been working hard on spreading fear of portia throughout the world and lebanon was successful because you had strong shi'ah military force. they just lost the prime minister, they corrupt -- and the sunni population felt very weak and you had a al qaeda guys from iraq who were basically defeated beginning to come into lebanon and take advantage of the weak state and palestinian camps and lack of law and order and put themselves in lebanon. you had different groups in lebanon sponsored by saudi arabia to take advantage of the al qaeda guys. they were mostly focused on hoping they could fight palestine. what we have seen in lebanon since 2006/2007 are clashes between sunni and shia on the
3:45 pm
streets and culminated in 2008 when sunni militias were dispatched and defeated in 24 hours. the education remains. as long as hezbollah is on the side of americans and saudis the one group saying you don't have to compromise, you can defeat or humiliate israel, it will be an embarrassment to saudi arabia which totally sell about in terms of arab nationalism. they will undermine the fear which is not becoming more serious threat in the arab world, you see shea ats being arrested and there's a significant shia minority. in kuwait we see sunni and persius strikes becoming worse than ever but as a result of this aggressive -- third developing more of an aggressive
3:46 pm
identity. future comforts in the region will be a result of this tension and iraq may be deeply involved because in iraq you have a strong confident she a state. nobody likes -- the defense will push to the americans to be the only friend but the saudi plates hate maliki and the ruling elite. being so primitive and backwards. they call them camel riders. you can imagine the iraqi military becomes stronger the future clashes happening between the iraqi army and developed arabs and the battle of lebanon, as long as israel exists and has bowlegs this you will have this strong military force on the hezbollah side. sunnis increasingly weary of it are going to turn on them.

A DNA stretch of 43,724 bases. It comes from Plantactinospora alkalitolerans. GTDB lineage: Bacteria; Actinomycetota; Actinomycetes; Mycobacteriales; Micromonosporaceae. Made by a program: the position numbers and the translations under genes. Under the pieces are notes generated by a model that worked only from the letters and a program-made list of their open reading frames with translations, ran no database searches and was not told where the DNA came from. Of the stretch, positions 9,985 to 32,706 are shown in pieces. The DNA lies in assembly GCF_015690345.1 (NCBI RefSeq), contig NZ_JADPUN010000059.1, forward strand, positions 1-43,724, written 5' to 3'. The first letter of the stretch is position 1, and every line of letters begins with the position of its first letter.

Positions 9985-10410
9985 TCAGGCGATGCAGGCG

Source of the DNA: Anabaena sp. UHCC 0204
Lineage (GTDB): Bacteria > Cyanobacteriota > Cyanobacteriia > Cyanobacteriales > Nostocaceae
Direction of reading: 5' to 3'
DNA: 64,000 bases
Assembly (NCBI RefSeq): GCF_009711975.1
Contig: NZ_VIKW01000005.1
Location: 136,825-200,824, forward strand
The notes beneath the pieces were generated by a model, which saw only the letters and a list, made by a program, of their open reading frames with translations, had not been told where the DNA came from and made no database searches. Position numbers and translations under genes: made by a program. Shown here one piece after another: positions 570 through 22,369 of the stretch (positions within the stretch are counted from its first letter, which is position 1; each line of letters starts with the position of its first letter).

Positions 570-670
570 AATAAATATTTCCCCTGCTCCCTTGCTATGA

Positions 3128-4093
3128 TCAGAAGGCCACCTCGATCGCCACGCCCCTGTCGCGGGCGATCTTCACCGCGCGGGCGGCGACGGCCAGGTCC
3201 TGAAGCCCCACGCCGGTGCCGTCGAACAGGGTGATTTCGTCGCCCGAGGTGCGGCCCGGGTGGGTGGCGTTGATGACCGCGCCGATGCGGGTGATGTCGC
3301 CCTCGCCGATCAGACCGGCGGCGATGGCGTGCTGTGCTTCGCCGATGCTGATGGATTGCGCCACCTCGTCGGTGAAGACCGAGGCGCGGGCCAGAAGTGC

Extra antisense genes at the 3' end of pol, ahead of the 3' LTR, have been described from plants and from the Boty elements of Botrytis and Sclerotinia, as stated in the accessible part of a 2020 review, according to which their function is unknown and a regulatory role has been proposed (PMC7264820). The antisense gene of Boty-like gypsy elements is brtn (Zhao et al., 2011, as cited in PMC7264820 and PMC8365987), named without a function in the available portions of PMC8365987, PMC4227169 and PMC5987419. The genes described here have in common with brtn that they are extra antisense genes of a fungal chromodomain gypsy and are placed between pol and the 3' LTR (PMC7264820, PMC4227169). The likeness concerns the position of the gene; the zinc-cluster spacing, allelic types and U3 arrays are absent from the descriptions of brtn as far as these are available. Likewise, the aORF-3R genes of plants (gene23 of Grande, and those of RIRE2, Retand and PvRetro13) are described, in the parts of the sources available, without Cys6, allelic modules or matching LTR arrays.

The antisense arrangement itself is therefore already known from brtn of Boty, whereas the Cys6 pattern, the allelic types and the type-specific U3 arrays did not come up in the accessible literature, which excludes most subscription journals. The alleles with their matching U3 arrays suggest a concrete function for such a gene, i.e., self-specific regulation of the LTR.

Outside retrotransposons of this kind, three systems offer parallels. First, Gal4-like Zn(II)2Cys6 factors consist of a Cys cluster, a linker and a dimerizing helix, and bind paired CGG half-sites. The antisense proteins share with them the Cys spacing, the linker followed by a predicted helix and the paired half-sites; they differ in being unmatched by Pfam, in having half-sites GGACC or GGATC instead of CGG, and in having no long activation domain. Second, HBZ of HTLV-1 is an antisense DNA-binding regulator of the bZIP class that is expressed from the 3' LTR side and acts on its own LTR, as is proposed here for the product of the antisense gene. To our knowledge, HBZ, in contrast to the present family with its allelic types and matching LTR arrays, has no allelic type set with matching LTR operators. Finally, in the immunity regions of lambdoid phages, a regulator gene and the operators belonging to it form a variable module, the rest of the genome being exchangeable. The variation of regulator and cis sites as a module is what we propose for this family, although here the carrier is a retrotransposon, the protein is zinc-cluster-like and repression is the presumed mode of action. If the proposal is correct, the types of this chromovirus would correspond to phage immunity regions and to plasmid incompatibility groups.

3:47 pm
there's no history or evidence for them to be concerned about hezbollah turning on them but that is the agitation. the fear of shiites in the region whereas before we saw it mostly in pakistan. >> i was talking to a few people in the green zone and the way they describe it but it sounds like an american compound. they have their own parties and don't go out in this city, the kind of security, besides of the embassy. what exactly comprises what is going on? there is no obligation -- can you clarify? >> it changed over the years. when the americans came in they took over a neighborhood which used to be where the iraqi government was based.
3:48 pm
as it deteriorated they build higher walls and based security until it became difficult to be in the iraqi government or working with the americans or foreigners. but over a year ago, and they want to reduce their numbers so there was a point where american soldiers were swimming in pools. that was a weird sight. they used to be -- under said tom's regime as well. and all kinds of companies working on construction but these days it has all been reduced. construction of iraq giving up on that project. the iraqi state controls the green zone. the whole thing is off bar and
3:49 pm
large communities of americans living outside the city is sort of over but you have the embassy which is a huge portrait and you can't walk around baghdad so they rely on american military support to take them out. and they rely on american military to stick them around. saw for foreigners living in the green zone iraq is a red zone. journalists working in the red zone, it is just the rest of iraq. to them it is a place where they can see when they go in a tall building and look at the rest of iraq. scary place for them. it is really skewed the way americans see iraq. as scary place where gains are
3:50 pm
going to get you. the threat of kidnapping is much lower. it is very active in brussels and at midnight, until then, throughout the city, streets are packed with people shopping which is a good sign that people feel more comfortable about their security. american journalists tend to celebrate when they see muslims are drinking liquor. their civilized. what it means is they are afraid of militias blowing up the liquor shops. you no longer have militia activity of the kind from 2003 to 2008. anybody have a liquor shop throw a grenade and they still have liquor shops. i don't think that is a sign of
3:51 pm